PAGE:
It is so often our impulse as authors to sound accomplished and erudite, to use fancy words and clever turn of phrase to seem polished.

News flash. Stop. Just don’t.

The problem with such self-indulgent writing is that it might seem well done to us, but the reader instinctively knows it’s over done. Perhaps even subconsciously, they will sense when the author is ‘trying to sound like a writer’ and when the author is actually writing.

And they will know the latter when they don’t notice it.

You see, the author’s job is to disappear. Unless you’re writing turn-of-the-century fiction in third person omniscient, and narrating things a character wouldn’t know about or see, your job is to tell the scene as simply and as clearly as you can, cutting out everything that makes you think, ‘ooh, that’s good writing’.

Well, almost. ;)

This article is part of a series I use to help writers who are working with me as a writing coach. They're references to boost your writing, and way to explore alternate ways of thinking about characterization and plot development.

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Murder Your Darlings

Sometimes referred to as ‘murdering your darlings’ in writing circles, the basic advice is this; if it sounds really good and cool to you, and if when you read it you think ‘that’s good writing’, then it should probably go.

Good writing is perfectly transparent, allowing a reader to actually ‘not see any of the words’, and be only seeing the scene, living the moment, loving the character. It is a cardinal sin to break the fictive dream with a turn of phrase.

It’s like a movie director stepping in to remind you that they’re a pretty awesome director in the middle of the Age of Ultron. The more often it happens, the more times the ‘fictive dream’ is broken, the easier it will be to put the book down and move on.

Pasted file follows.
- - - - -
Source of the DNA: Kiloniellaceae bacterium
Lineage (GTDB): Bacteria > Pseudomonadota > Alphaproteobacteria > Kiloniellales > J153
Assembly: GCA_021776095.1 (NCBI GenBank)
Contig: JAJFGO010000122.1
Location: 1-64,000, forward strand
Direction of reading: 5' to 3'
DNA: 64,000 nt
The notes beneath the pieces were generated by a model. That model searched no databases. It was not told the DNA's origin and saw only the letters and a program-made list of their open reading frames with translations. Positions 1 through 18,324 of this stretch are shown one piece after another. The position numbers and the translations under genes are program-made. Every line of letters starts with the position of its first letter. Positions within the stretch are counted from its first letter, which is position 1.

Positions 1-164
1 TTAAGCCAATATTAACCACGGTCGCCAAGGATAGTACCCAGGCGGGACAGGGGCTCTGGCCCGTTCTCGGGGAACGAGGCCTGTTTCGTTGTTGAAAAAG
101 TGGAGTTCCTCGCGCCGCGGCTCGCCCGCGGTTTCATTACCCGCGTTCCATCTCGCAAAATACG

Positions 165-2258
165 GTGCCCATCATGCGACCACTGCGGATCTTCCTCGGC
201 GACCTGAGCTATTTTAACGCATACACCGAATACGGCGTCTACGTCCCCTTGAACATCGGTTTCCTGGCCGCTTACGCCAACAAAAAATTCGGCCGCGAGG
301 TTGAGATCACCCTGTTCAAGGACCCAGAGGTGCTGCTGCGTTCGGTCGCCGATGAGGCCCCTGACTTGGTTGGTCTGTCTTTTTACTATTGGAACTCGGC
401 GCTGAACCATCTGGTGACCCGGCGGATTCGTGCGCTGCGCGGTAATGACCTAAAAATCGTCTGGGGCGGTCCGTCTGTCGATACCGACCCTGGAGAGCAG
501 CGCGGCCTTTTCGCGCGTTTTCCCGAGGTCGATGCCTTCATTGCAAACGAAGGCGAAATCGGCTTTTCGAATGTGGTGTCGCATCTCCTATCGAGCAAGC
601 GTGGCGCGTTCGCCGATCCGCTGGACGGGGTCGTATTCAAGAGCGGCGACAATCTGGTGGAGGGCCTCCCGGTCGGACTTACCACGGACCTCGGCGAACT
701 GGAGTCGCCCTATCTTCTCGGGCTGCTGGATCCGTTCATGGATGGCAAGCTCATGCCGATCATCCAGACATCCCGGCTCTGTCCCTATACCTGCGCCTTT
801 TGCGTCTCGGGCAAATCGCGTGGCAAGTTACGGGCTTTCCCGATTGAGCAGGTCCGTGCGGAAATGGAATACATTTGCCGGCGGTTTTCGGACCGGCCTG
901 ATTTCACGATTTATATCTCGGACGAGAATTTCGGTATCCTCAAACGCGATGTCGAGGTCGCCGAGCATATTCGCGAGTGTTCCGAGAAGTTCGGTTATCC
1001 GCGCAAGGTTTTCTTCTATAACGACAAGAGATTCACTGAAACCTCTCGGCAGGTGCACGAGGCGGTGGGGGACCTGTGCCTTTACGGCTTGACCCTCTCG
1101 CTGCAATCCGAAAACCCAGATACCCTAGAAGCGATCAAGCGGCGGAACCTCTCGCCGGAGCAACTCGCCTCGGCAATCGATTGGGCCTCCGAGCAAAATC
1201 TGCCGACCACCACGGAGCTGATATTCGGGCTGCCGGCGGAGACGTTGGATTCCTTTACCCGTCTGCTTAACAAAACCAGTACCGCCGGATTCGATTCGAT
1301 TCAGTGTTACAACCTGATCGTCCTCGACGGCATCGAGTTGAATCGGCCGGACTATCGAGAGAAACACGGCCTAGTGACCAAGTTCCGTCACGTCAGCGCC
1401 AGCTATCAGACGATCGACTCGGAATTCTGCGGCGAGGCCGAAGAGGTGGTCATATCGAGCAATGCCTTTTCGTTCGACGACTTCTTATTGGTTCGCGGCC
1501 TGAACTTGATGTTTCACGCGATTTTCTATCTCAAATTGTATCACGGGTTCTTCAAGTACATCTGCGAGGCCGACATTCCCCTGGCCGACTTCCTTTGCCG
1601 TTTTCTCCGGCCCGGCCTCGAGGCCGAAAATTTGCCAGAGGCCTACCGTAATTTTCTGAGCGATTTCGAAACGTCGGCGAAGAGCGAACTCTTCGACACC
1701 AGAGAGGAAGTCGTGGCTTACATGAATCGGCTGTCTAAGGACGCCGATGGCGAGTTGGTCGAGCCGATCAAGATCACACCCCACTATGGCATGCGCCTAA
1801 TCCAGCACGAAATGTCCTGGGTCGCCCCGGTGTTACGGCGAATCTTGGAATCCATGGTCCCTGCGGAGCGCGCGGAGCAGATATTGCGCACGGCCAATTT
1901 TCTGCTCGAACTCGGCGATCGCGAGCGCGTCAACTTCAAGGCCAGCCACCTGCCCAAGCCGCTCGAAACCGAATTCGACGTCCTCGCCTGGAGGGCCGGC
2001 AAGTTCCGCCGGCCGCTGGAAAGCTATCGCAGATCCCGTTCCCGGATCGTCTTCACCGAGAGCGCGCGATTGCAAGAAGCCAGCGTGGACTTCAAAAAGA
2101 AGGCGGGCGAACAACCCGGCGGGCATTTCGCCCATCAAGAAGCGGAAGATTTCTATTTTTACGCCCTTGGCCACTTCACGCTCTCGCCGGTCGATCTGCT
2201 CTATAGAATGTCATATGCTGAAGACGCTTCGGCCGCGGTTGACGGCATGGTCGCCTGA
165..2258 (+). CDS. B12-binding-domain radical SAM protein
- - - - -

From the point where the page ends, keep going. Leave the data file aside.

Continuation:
So whatever you’re writing, your prime, prime focus is not to sound clever or epic, but to write it as simply and clearly as possible.

“But my style calls for me to write this way!”

If you’re starting out, like most of us, then your style is still developing. If at any point you’re prepared to sacrifice the reader’s focus for your style, then be prepared to lose the reader. ‘Nuff said.

It’s more important for them to love your story and follow you where it goes. Cut back, whittle away, clarify every line and sentence to sound honest and clear.

Your Style Changes

Now – that being said – your ‘style’ is a somewhat nebulous idea, because it can depend on the kind of writing you’re doing.

If you’re writing in close third person, where you communicate only what the character thinks, is aware of and does, then your ‘style’ will be what your character allows you to write.

Your personal style may be wry, or bombastic, or straightforward. Your blog is the best place for that kind of voice to emerge.

In writing a novel, you are less trying to sound like an author, and far, far more trying to sound like your character.

Otherwise, every character in all your novels will sound the same, because they will all sound like you. And even one-man plays with multiple characters aren’t that monotonous.

Don’t worry about finding your style. Focus on telling a good story well, and your style is what happens once you get good at that.

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